One action someone can take to stand up for reproductive justice: There are so many possible ways to support reproductive justice work right now. The crucial thing is that you get plugged in to what feels meaningful and powerful for you. One great place to start is figuring out what you have bandwidth for: giving your time? Your dollars? Your talents? The National Network of Abortion Funds is currently in the midst of their Fund-a-thon, and I'm sure one near you could use your support! Look up your abortion fund at abortionfunds.org.

Stephanie Loraine Piñeiro MSW (she/her/ella)

As a proud bisexual Puerto Rican, Stephanie Loraine Piñeiro, an award winning reproductive justice advocate and clinical social worker based in Orlando, works as the Co-Executive Director of Florida Access Network, an organization that advocates for reproductive justice and provides logistical support to abortion-seekers in Florida.

She is an abortion funder and abortion storyteller. As a Latina who's had multiple abortions and experienced the cultural stigma attached to it she is driven to do this work by the love and compassion for people most affected by reproductive injustices and pushing back on stigma. She tells her abortion stories to destigmatize abortion and ensure people who have abortions feel loved, affirmed, and funds abortions to make sure people are tangibly supported.

One action someone can take to stand up for reproductive justice: Follow the lead of reproductive justice leaders especially those leading abortion funds, midwives, and doulas.

Fabiola Carrion (she/ella)

Fabiola Carrion immigrated to the United States with her family from Peru at the age of 13. She wears many hats as an attorney, advocate of reproductive justice, and the Director of Reproductive and Sexual Health at the National Health Law Program (NHeLP)—an organization dedicated to protecting and promoting the health rights of individuals who have low incomes and are underserved. She also serves as the Executive Committee President of the California Coalition for Reproductive Freedom.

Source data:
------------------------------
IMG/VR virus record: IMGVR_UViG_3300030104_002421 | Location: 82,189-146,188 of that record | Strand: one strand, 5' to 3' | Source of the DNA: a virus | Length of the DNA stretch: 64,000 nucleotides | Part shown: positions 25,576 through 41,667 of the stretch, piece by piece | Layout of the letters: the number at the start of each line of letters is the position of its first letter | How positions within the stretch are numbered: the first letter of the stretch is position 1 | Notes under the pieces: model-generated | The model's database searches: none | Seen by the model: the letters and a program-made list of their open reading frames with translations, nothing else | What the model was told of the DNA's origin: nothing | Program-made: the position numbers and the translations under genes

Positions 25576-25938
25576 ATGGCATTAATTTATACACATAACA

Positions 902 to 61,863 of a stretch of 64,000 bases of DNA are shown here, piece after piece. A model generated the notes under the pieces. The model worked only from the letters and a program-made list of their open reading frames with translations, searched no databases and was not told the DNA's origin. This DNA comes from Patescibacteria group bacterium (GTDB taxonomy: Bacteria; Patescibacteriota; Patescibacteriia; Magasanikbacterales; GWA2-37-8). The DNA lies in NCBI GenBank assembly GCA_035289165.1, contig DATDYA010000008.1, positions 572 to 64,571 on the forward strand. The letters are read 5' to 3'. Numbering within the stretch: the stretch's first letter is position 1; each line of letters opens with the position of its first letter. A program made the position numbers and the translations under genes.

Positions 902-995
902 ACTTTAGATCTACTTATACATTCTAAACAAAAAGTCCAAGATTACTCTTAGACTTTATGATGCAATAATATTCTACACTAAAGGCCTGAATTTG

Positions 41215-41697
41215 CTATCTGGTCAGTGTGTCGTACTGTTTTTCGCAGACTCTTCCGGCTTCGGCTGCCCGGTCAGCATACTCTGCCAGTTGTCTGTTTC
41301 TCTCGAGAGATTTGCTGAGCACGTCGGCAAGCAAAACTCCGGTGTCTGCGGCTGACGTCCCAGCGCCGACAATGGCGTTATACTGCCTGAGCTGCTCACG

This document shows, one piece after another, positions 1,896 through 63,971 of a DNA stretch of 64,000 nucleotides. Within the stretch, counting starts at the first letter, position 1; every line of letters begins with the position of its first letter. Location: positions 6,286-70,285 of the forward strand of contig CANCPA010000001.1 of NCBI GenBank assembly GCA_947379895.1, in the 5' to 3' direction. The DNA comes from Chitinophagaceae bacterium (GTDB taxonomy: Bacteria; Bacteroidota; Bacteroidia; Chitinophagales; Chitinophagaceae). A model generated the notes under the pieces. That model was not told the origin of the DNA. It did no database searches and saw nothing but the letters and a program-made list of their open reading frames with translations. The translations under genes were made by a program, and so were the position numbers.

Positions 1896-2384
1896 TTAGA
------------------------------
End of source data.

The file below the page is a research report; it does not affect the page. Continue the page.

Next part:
One action someone can take to stand up for reproductive justice: As two-thirds of abortion patients are parents, she encourages readers to share their abortion stories and fight to destigmatize this essential health care.

Myra Gissel Duran (she/ella)

A first generation Chicana reproductive justice feminist, Myra Gissel Durán is the Senior Policy Advocate at If/When/How: Lawyering for Reproductive Justice, where she supports their policy advocacy efforts, builds partnerships with state-based advocates, and facilitates opportunities of engagement for If/When/How and their constituencies.

One action someone can take to stand up for reproductive justice:

It's hard to pinpoint just one. Learning more about the safety of abortion pills, eliminating stigmatizing language around abortion with 1-1 conversations with loves ones around you, and taking a step back to look at the web of how different liberation movements are bound to one another are good places to start. I would also encourage people to divest from the punishment system because the criminalization of people who self-manage abortions (ending your pregnancy outside of a medical setting), like all forms of criminalization in our country, affects some people more than others because of their identities, their circumstances, and where they live. The same communities (BIPOC, youth, trans/gender expansive people, people dealing with economic insecurity, immigrants, and LGBTQIA+ folks) for whom Roe v. Wade has never been enough,—but who would be the most impacted if it's overturned—are the communities who face the disproportionate violence of surveillance and criminalization around pregnancy outcomes. People can also donate any extra funds to building up the Repro Legal Defense Fund (RLDF), so that we're prepared for the next time someone is arrested or prosecuted for self-managing their abortion and ensure that no one faces this racist, unjust carceral system alone.